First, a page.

Chair Linda J. LeZotte statement on Emergency Operation Center opening ahead of Friday night storm | Santa Clara Valley Water
Keep Updated
Find events and articles on a wide range of topics
Image
Stewardship header
Page Title
News & Events
Back to top

Chair Linda J. LeZotte statement on Emergency Operation Center opening ahead of Friday night storm

February 01, 2019
Image
NWS radar
Body

Another strong, wet and windy storm is expected tonight, and the Santa Clara Valley Water District is taking precautions to prepare for possible storm impacts. The National Weather Service has issued a flash flood watch for Santa Clara County. Residents should be aware that the storm has the potential to cause creek flooding issues, especially on small channels that tend to rise quickly with intense rains.

Our staff will be monitoring this storm closely. To coordinate our monitoring and response activities, our Emergency Operations Center will open on Friday night at 11 p.m. at a Level 3 Monitoring Level, which is the lowest activation level for our EOC.

Santa Clara Valley Water District crews have worked all year to prepare our creeks for winter rains. We are dedicated to keeping residents and businesses safe through our flood protection programs.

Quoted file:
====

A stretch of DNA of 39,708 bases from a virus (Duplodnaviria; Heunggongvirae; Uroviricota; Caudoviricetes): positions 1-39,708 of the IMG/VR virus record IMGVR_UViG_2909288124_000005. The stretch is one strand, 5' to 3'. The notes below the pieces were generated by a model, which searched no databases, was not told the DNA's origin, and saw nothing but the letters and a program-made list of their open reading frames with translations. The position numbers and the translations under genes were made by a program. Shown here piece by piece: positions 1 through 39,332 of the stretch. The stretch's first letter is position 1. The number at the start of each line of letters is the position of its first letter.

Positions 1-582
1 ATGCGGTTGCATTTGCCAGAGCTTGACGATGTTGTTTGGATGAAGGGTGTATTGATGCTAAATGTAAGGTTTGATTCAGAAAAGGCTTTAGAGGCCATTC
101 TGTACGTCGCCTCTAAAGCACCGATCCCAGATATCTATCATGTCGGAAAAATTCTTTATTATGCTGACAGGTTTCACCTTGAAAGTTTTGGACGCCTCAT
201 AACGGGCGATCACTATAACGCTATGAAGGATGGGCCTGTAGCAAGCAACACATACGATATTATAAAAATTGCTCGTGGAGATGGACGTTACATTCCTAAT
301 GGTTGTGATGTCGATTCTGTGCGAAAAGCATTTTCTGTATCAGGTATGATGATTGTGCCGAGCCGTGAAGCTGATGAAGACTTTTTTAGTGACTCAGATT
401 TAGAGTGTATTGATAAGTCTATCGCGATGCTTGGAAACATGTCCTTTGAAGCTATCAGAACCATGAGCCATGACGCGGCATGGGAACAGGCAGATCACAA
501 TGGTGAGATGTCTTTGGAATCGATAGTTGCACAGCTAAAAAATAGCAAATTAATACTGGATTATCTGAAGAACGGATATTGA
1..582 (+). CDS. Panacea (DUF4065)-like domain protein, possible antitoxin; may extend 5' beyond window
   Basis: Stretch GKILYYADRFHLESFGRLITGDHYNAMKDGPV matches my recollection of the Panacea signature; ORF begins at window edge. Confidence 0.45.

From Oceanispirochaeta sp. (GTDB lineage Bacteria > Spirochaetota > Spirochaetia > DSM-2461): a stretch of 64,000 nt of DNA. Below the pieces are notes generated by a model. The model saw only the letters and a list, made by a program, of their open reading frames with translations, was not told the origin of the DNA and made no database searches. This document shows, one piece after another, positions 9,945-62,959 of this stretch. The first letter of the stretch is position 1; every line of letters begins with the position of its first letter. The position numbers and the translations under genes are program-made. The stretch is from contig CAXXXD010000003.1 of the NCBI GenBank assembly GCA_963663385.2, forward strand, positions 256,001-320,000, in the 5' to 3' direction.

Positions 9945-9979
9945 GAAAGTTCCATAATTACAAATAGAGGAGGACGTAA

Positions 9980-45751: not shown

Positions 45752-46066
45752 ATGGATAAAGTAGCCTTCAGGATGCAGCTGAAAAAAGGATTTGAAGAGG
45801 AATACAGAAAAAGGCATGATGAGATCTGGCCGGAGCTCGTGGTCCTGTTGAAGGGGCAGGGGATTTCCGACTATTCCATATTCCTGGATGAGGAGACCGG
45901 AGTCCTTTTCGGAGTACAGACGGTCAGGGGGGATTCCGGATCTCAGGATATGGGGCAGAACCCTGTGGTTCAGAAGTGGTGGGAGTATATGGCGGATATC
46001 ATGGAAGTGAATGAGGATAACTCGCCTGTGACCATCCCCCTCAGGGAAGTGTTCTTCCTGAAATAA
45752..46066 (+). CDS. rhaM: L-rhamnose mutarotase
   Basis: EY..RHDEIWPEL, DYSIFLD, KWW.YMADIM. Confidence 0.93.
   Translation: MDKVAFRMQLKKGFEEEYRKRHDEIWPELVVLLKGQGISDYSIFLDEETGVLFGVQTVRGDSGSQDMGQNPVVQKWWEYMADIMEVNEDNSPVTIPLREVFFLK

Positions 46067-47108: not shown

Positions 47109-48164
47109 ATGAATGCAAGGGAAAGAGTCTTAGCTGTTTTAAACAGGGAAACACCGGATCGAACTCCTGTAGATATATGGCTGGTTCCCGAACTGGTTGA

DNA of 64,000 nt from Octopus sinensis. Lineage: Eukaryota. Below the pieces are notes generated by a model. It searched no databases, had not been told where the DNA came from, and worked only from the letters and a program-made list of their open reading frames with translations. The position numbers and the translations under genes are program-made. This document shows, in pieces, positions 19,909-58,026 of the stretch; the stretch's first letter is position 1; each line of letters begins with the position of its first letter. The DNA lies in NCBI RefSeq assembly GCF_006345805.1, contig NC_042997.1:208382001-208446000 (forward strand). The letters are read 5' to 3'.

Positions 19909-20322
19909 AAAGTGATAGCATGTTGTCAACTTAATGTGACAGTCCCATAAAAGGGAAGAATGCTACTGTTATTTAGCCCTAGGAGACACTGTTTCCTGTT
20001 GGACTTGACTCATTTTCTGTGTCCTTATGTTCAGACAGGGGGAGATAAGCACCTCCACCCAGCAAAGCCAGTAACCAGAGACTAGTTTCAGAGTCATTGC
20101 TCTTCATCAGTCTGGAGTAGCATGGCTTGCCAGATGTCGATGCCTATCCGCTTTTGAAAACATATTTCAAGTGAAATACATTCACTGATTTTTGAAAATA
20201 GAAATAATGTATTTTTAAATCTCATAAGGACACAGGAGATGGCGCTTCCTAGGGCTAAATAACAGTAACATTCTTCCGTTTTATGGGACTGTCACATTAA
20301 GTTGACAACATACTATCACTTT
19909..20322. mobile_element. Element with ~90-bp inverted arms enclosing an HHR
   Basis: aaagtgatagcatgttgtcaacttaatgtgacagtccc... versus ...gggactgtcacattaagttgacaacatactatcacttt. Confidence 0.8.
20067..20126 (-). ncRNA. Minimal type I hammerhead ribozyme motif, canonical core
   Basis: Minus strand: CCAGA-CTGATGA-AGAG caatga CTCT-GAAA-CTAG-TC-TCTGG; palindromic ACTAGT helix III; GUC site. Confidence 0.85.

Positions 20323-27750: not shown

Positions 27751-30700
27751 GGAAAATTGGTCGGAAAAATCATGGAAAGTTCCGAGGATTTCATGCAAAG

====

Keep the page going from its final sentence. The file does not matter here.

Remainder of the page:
In preparation for this series of storms, all five of our sandbag sites were stocked. Staff will continue to monitor these sites and replenish them throughout the weekend, as necessary. In addition, cities around the county operate an additional 19 sandbag sites.

Our maintenance staff stands ready with heavy equipment to respond to reports of downed trees or large debris flows in locations where we have property rights. We are monitoring streams for blockages at key bridges and culverts. We appreciate the public’s help as our eyes and ears to alert us to obstructions in the creeks and to prevent flooding. To report issues in creeks, residents can call 408-630-2378 or submit a service request to Access Valley Water.

As of Friday afternoon, our ten reservoirs have a combined storage of 42 percent of their full capacity. This leaves a significant amount of storage space in most of our reservoirs to capture the expected storm runoff, including Anderson Reservoir.

Visit our website (http://www.valleywater.org/floodready/) for flood safety tips, current reservoir levels and stream flows, and maps to free sandbag sites.

This information has been shared with all cities in the county.


Valley Water manages an integrated water resources system that includes the supply of clean, safe water, flood protection and stewardship of streams on behalf of Santa Clara County's 2 million residents. The district effectively manages 10 dams and surface water reservoirs, three water treatment plants, an advanced recycled water purification center, a state-of-the-art water quality laboratory, nearly 400 acres of groundwater recharge ponds and more than 275 miles of streams. We provide wholesale water and groundwater management services to local municipalities and private water retailers who deliver drinking water directly to homes and businesses in Santa Clara County.